There are various types of packaging for bulk electrodes, including drums, boxes, and reels, and each has its advantages.

Many customers want “green” packaging that can be easily recycled, and numerous companies offer to recycle the packaging for you. 

image of Lincoln MIG Wire 1000 lb

The problem with most drums is that you have metal chimes on them. A box crushes down more easily, so a lot of customers are going to the boxes just for that reason.

Smart Welding Electrode Packaging Design Minimizes Downtime

Hobart has introduced their 900-lb recyclable drum that the company said minimizes downtime and costs for welding wire changeover.

The X-Pak for metal-cored welding wire measures 35-in. tall, 23 in. in diameter, and is comprised of 100 percent recyclable fiber. The company offers five types of metal-cored wire in that new 900-lb. X-Pak, including its Tri-Mark Metalloy Vantage and Metalloy 76 Hobart Fabcor 86R; and Corex Metalcor Maxim and Metal-Cor 6 in .045 in. and .052-in. diameters.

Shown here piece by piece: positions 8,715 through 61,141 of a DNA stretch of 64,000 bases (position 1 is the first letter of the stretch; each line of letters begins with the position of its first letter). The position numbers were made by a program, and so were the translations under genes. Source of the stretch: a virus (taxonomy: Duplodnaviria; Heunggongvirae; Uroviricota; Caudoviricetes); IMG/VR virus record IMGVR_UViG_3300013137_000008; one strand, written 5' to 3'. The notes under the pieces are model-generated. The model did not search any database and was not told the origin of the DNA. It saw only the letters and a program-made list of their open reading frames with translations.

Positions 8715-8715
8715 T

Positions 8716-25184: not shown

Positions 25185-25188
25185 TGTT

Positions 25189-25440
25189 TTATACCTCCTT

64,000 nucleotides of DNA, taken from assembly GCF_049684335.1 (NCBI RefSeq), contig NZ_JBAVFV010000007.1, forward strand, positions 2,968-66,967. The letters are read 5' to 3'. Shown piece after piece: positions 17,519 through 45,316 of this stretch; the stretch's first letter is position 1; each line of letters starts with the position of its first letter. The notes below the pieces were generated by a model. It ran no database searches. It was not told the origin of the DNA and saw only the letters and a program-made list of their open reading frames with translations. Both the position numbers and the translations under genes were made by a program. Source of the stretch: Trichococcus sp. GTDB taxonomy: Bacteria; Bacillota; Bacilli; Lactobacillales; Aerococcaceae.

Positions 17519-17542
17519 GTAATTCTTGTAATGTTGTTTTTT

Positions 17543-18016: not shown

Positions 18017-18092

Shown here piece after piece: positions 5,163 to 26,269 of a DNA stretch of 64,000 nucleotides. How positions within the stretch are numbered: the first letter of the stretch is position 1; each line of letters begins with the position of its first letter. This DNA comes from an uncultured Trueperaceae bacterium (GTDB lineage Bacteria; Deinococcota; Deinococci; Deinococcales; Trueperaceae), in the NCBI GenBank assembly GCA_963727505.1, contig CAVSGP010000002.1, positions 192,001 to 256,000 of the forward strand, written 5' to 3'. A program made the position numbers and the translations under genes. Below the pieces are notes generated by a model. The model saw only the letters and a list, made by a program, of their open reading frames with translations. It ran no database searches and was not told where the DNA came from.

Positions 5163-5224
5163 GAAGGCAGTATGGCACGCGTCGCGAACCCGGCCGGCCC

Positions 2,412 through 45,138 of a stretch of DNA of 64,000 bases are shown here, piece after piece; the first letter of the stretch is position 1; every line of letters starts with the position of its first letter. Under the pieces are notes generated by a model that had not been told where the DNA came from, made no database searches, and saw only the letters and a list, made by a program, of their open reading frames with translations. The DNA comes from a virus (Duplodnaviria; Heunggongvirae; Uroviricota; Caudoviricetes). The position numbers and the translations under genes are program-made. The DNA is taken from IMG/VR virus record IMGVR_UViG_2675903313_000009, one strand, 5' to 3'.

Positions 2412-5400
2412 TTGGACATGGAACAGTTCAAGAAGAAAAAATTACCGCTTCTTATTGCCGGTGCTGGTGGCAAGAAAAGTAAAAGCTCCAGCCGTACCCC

Compared with standard 600-lb drums, the new 900-lb X-Pak minimizes the number of changeovers necessary per month/year by approximately 33 percent. 

And it also reduced the amount of downtime and associated labor costs for handling by a similar amount.

The company packages and ships its X-Pak products on individual skids to further simplify handling, compared with traditional drums that must be maneuvered off of more oversized skids. 

image of Hobart's Octagonal Exacto-pack MIG Wire
An even better solution is Hobart’s new Octagonal Exacto-pack wire packaging of 1000 lbs.